An Atlanta couple's renovation pays homage to the South of France with new windows, doors, siding, and a host of rustic architectural fixtures.
With the aid of architect Linda MacArthur and designer Laura Walker, Atlanta homeowners saw the potential of turning a red brick Georgian two-story into the country French home of their dreams.
Changing the facade from Georgian to French required hiding the red brick beneath a top coat of stucco. The center element was changed to a half-round, and arches were added to windows and the custom double door for a European look. Long pale blue shutters and elegant patinated light fixtures dot the stucco as French accents.
The entryway received continental flavor with a wrought-iron staircase railing hand-forged by a local artisan. The distinctive reproduction chandelier and arched doorways create a cozy country French feel. Furnishings here and throughout the house, many 19th-century French antiques, have been collected by the owner through the years.
The homeowners and designer were equally committed to getting details right and heavily researched French decorative arts and architecture. They wanted a look that was comfortable, yet sophisticated.
Thus, a rare 18th-century French cartoon--a prototype painting for the tapestry--graces the entry, covering the wall with an almost architectural presence. An antique French bench provides comfortable seating.
Renovating in the true country French sense includes a strong indoor/outdoor link. The new screen porch, for instance, includes French door access from the kitchen and dining room. Old stone salvaged from Europe and a mantel made using 150-year-old beams from a home in Rhode Island combine to create the porch's focal point fireplace. A sisal rug and wicker furnishings make it cozy.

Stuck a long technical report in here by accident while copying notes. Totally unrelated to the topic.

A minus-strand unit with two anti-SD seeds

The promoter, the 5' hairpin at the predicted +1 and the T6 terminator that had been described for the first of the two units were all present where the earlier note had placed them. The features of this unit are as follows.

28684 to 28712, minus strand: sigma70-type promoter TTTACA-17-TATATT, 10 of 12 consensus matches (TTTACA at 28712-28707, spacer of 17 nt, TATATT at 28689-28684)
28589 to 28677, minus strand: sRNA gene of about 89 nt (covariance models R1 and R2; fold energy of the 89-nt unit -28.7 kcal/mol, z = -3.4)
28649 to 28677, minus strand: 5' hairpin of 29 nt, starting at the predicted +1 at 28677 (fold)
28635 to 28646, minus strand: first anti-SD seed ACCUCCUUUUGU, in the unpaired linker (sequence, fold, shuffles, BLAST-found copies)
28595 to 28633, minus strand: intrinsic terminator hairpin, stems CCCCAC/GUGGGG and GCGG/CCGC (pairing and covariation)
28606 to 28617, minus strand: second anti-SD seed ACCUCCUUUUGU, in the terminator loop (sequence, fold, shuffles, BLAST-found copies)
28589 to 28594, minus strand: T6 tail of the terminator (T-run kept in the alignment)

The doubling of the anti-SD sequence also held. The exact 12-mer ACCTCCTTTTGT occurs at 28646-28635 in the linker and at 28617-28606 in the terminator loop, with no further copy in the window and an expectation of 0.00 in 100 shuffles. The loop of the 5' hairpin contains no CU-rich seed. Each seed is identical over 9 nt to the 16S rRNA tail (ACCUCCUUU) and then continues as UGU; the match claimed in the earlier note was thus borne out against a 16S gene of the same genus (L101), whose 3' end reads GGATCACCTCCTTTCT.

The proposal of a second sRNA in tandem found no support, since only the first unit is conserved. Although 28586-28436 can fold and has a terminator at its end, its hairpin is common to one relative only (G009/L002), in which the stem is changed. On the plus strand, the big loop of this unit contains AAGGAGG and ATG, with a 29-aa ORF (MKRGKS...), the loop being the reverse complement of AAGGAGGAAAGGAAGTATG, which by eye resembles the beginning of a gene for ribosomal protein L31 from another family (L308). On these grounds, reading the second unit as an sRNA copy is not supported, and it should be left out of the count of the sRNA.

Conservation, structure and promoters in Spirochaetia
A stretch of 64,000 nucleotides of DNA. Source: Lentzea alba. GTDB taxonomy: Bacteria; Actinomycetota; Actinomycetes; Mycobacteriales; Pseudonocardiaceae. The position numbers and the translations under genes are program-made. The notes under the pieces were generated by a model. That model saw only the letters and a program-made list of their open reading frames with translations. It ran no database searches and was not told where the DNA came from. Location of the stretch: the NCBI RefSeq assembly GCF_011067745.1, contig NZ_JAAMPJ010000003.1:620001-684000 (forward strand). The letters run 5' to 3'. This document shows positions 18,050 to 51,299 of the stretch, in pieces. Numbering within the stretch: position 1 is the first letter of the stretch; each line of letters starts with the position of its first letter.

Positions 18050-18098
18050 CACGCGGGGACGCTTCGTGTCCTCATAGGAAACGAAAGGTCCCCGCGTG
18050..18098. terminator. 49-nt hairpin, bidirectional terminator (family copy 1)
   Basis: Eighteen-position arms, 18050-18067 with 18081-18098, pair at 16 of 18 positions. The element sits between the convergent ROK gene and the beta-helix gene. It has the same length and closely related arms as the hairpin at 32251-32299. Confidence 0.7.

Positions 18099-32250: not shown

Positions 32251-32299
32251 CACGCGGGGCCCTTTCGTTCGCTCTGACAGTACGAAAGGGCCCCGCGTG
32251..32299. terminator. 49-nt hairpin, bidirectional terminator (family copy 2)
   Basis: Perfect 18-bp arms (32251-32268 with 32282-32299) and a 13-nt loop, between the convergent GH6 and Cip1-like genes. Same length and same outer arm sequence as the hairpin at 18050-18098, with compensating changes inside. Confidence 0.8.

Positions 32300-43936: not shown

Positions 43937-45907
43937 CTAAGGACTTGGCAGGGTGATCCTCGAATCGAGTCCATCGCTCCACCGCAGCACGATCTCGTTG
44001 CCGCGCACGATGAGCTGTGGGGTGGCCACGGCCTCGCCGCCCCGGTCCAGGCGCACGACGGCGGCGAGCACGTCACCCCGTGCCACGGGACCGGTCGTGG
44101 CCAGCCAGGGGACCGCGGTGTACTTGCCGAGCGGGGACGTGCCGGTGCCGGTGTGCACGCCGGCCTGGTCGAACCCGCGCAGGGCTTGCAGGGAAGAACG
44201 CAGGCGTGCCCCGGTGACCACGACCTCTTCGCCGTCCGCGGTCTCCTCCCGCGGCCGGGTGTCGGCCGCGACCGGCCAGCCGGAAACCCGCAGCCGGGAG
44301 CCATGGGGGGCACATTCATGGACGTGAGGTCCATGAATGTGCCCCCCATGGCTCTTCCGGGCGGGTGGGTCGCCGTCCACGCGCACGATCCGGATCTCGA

The homeowners opted to design the kitchen like a big, open Provencal kitchen. Instead of having a breakfast room, they put the table out in the middle of the room. Like most other pieces in the house, both the table and chairs are 18th-century country French.
Rustic ceiling beams lend rugged character to the renovated space. During the homeowners' research, they found that the beams in France have a real structural purpose, so French houses have many of them. They chose to space the ceiling beams close together to reflect their findings.
The use of one intense color in an otherwise neutral kitchen is a hallmark of French design. For the island, homeowners chose a Frenchy apple green as the room's punch of color, then roughed it up a bit to indicate wear from age. Then it was rubbed with gold to get exactly the look they wanted.
A dramatic apron-front sink in slate and a vintage-style faucet provide style and practicality, while a sunny window with a whisper of a curtain provides light and a view to the outdoors.
A wrought-iron balcony, stained French doors, and a timber-clad hipped ceiling infuse the new master bedroom with French character.
Country French style blends comfort and elegance in a way few others do. Here are the key architectural features:
Charming exterior design. Convey a classic look with stucco, stone, and/or brick siding, plus hipped or steep gable roofs, arched doors, and windows with shutters.
Warm architectural elements. Consider wrought-iron railings, light fixtures, and door hardware wherever possible. Choose plumbing fixtures in complementary finishes. Wood beams and traditional casement windows work well in many cases.
Rustic finishes. Get the quintessential look with floors of stone, stone-look ceramic tile, and wide-plank, rough-hewn wood. Cast-concrete or limestone mantles work well in the living room, as do wood or granite countertops and painted- or stained-wood cabinets in the kitchen.